“It's a lack of experience against ‘Puff,” Abu told theScore esports. “A lot of people don't know how to fight her that well, what's safe to do, what's not safe to do, that kind of thing, By playing me, they can get that experience in a context outside of playing Hungrybox in tournament match.

“Not many people play ‘Puff at a high level. In North America, at a big tournament, I'm usually the best candidate for these players to get the experience.”

But Prince Abu’s relationship is a little more symbiotic. Unlike Crunch, he’s not primarily known as a coach and he doesn’t necessarily want to be. Prince Abu is aiming to improve his own game, and the fact that all the top players want to pick his brain for ‘Puff matchup notes means he gets the best practice partners in the world.

“When I play any really good player like Armada, or really any player at the Summit, every time I make a mistake, they punish me for it, so I can tell which habits are bad that I have that might not even know about,” Abu said. “Living in the midwest, the only two players I really train against are Duck and KJH. So sometimes I can't tell if they're punishing me because they know what I'm going to do because we play together all the time, or they're punishing a bad habit of mine. Getting to play different styles of top players helps me improve because it points out what's good that I'm doing and what's bad.

“I get along with Armada really well, I pretty much get along with all the top players. I'm not gonna brag if I win friendlies or anything, I just kind of want to get better, and I think my current skill level is good for them because they can't just run me over. I can even beat some of them. “

Without in-set coaching, Prince Abu’s help on casual setups in between Top 8 matches have been invaluable for some players, but the help he provides is unique and Armada knows it.

“I think some people, they understood this from the wrong angle,” Armada told theScore esports. “Having Prince Abu there is not like a guaranteed win, not having Prince Abu does not mean I'm guaranteed to lose. But of course, if you have no one playing the character, except for Hungrybox and Prince Abu, it's gonna be, at least for me, pretty crucial to warm up and practice in the matchup because Puff doesn't remind me of any character, to be honest.”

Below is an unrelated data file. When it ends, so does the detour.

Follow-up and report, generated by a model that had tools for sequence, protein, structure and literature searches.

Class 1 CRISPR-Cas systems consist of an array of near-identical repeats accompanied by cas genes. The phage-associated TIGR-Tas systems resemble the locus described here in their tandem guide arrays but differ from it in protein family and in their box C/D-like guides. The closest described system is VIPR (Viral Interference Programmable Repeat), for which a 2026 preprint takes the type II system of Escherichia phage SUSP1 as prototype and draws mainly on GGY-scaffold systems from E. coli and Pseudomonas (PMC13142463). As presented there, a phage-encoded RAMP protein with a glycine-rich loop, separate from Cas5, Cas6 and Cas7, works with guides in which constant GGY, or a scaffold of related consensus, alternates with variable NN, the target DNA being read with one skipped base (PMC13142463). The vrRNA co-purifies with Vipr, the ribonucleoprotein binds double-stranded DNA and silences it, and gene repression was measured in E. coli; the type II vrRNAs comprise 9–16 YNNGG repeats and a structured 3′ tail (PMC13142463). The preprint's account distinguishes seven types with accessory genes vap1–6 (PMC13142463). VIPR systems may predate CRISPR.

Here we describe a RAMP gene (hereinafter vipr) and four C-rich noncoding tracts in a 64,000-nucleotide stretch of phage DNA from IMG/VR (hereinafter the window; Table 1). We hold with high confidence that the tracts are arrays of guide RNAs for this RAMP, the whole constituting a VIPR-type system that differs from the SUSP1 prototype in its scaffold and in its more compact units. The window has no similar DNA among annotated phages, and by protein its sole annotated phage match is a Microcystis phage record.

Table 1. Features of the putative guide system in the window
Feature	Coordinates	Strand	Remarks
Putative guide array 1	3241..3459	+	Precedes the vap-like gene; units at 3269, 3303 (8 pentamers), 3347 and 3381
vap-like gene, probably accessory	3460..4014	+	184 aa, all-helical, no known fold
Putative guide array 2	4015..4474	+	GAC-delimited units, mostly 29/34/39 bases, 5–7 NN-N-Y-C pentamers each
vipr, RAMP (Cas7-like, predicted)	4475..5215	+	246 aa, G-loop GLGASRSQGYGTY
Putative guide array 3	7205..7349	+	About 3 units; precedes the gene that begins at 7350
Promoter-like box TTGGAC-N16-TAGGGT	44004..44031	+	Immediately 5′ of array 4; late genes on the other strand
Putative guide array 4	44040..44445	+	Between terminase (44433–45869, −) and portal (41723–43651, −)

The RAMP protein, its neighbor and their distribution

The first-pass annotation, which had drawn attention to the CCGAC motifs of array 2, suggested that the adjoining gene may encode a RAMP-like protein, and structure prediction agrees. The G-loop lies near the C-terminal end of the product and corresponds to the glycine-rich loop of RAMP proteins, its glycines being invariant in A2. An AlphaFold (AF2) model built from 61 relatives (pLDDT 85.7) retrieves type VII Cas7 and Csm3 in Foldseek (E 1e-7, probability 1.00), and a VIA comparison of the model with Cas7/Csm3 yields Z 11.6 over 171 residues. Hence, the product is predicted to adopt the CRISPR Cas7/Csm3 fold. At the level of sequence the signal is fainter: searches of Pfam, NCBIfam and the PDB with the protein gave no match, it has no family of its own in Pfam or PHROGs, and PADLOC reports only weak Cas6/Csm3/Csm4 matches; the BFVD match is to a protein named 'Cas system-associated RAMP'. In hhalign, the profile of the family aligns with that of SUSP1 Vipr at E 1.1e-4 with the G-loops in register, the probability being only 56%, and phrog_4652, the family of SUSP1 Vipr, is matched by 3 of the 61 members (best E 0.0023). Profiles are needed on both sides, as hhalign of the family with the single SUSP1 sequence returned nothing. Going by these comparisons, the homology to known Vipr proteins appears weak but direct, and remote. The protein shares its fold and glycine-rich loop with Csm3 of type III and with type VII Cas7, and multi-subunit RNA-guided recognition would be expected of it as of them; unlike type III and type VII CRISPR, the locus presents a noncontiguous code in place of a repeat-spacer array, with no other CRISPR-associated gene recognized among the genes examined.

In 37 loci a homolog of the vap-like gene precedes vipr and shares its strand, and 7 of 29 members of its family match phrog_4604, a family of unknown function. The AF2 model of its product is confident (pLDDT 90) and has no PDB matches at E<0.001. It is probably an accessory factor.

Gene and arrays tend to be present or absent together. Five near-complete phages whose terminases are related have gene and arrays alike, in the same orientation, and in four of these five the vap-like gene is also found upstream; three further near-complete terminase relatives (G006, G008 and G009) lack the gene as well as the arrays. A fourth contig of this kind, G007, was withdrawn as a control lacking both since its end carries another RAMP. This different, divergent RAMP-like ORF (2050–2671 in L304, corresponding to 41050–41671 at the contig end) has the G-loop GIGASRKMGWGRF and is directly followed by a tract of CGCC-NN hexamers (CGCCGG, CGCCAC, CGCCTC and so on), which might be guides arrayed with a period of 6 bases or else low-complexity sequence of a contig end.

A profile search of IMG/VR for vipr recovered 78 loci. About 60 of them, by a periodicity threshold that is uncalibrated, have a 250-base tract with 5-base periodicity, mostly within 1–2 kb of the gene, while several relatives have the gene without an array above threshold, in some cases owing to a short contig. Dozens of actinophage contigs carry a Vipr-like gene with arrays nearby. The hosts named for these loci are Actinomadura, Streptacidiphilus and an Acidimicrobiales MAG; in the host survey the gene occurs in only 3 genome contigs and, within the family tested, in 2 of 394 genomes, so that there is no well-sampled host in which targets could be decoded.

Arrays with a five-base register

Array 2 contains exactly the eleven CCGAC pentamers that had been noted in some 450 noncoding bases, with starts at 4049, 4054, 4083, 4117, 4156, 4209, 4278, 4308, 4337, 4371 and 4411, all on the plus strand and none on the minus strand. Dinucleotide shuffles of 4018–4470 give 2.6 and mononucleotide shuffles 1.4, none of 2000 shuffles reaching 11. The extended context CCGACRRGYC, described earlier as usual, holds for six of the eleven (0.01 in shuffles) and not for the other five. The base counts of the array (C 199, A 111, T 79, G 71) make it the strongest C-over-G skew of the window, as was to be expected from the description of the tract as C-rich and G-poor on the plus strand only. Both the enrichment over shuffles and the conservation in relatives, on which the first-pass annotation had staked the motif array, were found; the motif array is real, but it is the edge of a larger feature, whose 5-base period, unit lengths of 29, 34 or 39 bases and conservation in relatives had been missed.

Prince Abu aims to one day surpass Hungrybox. He doesn’t work alongside Armada when they warm up together — he studies him and looks to solve the issues in his gameplay. That’s not what happens with Crunch and Hbox.

“A lot of it really comes down to finding the ways the top players are exposing Hungrybox,” Crunch said. “Defining the flaws he has in his play, particularly that they're exposing, as well as what habits they have that we can expose.

“A lot of it is also cleaning up the game. Hungrybox has a lot of bad habits that got him punished consistently, and sometimes when you're playing the game it's really hard to notice it all the time, especially by yourself. So a big part of it is just me pointing out ‘hey, don't approach this way, approach that way because you're getting punished for approaching in this fashion.’

Crunch says the coaching started with the punish game, by asking the question of how Hbox could consistently punish opponents with ‘Puff. It’s where they started focusing on tech-chasing, consistently landing up-throw to up-air, getting closer and closer to one touch leading to one kill.

But there are smaller things too. Crunch says there aren’t too many new things to work on these days — Melee is a 15 year old game after all — but there are little things that escape even the top players, and Crunch says Hbox needed to learn how to properly SDI before DreamHack. It’s those kinds of little things that make Crunch think that more players could benefit from having a coach like him. Not everyone, but certainly a few players.

“I think for a lot of players, they go through phases of learning the game,” Crunch said. “The first step is just learning tech skill, then the second phase is they start trying to copy specific things other players are doing.

“But a lot of the time, these players aren't asking themselves why are these players doing that in this situation? It's not like "oh dash attack is good", it's "dash attack is good in this situation because you're reading this specific movement." Melee at its core is movement, and reading movement and predicting movement. That's all it comes down to in neutral, once the punish game gets taken out of the equation.”

Heading into EVO 2016, Crunch has two major goals. The first one he mentions is that he wants to be the best player in New England. He’s in the Top 10 in the local power rankings, but he knows he can do better. Like Prince Abu, he knows that doing all this analysis and constantly practicing with a top player is improving his own game significantly.

But his second goal is to win EVO. But when Crunch talks about EVO and his role as Hbox’s coach, he never talks in the first or third person. He always talks about "we." For him, they're an inseparable team, working to perfect one person's game through another person's analysis. When Crunch talks about the future, it's isn't Hungrybox winning EVO. It's both of them.

"For me, the goal for this year is to make Hungrybox the best player in the world, he said. "We want to win EVO, we want to get that number one rank because he's yet to get it, and I think we totally can do it."

voDeaniel Rosen is a news editor for theScore esports. He's missed more Tippers than science thought was possible. You can follow him on Twitter.

Advertisement